Objectives: The aim of this study was to examine the contribution of Asian ethnicity to the variation in rates of practice prescribing for antidepressant and anxiolytic medication, taking into account other population and practice organizational factors.
Methods: A practice-based cross-sectional survey was carried out of the prescribing of antidepressants and anxiolytics (daily defined dosages) in 164 general practices. The study was set in East London and the City Health Authority, which includes the multiethnic inner London boroughs of Hackney, Tower Hamlets, Newham and the City of London. The main outcome measures were the annual prescribing rates for each group of drugs, calculated as the total annual daily defined dosages divided by the practice population, and the ratio of antidepressant/ anxiolytic annual prescribing rates.
Results: Prescribing rates for antidepressants showed a 25-fold variation between practices; this was greater for anxiolytics. The median annual prescribing rate for all antidepressants combined was 4.13 (interquartile range 2.50-5.88). For all anxiolytics and hypnotics combined the median annual prescribing rate was 3.55 (interquartile range 1.71-6.36). Univariate analysis showed that Asian ethnicity alone accounted for 28% of the variation in antidepressant prescribing and 20.5% of the variation in the anxiolytic prescribing. A backwards multiple regression model using 10 explanatory practice and population variables accounted for 47.7% of the variance in antidepressant prescribing and 34% of the variance in the anxiolytic prescribing.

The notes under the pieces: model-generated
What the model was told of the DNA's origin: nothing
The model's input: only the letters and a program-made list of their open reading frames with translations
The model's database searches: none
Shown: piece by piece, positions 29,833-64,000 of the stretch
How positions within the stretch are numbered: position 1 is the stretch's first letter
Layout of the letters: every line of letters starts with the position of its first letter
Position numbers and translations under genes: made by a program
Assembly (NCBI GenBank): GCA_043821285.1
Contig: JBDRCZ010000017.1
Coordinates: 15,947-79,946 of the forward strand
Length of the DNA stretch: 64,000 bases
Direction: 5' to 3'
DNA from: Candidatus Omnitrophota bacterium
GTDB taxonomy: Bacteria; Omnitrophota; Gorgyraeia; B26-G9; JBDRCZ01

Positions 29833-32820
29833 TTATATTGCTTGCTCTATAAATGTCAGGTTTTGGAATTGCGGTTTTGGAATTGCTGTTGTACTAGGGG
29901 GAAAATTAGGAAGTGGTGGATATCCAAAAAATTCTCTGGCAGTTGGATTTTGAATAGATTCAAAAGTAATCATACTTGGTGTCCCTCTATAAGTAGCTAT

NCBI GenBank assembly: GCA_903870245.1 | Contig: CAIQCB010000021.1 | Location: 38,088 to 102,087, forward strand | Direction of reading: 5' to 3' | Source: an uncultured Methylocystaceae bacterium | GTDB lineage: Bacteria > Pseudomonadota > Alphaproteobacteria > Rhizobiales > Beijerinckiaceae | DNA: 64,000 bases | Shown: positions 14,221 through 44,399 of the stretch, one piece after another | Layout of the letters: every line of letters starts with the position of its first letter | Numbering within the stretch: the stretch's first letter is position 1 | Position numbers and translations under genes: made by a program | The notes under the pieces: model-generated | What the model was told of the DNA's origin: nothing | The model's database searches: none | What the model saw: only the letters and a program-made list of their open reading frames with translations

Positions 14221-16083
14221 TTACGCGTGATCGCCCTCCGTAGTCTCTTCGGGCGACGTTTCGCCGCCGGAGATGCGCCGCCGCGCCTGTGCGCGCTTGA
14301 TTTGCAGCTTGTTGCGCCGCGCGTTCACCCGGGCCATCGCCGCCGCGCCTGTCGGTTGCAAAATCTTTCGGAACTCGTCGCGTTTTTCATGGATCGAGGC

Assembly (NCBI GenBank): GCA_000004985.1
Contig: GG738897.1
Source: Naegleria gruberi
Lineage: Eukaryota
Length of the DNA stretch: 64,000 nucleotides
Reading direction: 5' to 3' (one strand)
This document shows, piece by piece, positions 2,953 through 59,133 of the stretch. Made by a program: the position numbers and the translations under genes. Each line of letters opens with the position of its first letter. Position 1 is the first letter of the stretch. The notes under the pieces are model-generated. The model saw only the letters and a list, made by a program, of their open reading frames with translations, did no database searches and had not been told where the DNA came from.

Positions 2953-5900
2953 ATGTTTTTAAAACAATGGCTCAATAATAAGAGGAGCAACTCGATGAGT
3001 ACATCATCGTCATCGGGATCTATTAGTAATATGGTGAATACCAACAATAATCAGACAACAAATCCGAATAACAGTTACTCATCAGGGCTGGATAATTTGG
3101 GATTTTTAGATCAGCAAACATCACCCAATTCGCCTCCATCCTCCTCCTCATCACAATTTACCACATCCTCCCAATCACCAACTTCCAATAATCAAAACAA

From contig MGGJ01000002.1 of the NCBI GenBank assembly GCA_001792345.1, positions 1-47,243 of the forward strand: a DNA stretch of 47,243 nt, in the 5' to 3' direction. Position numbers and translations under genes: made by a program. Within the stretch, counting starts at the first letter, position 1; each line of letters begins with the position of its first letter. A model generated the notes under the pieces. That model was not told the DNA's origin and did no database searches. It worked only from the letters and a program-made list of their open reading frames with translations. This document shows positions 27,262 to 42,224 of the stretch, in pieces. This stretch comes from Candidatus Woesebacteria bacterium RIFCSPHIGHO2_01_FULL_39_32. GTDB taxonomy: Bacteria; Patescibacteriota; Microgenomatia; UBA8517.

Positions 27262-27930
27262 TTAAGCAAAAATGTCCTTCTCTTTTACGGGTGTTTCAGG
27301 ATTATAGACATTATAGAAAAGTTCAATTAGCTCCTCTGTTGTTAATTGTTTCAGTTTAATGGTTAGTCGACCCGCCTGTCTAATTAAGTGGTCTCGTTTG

Conclusion: In practices where the proportion of Asian patients is high, both antidepressant and anxiolytic prescribing is low. This is important for understanding interpractice prescribing variation and for setting levels of drug budgets. This study confirms that the low rates of non-psychotic disorders presented by Asian populations is not a selective feature of access to secondary care, but is evident in the prescribing behaviour of GPs. Uncertainty remains as to how much this is due to a lower prevalence rate, "culture-bound syndromes" or practical difficulties in diagnosis and management within the general practice setting.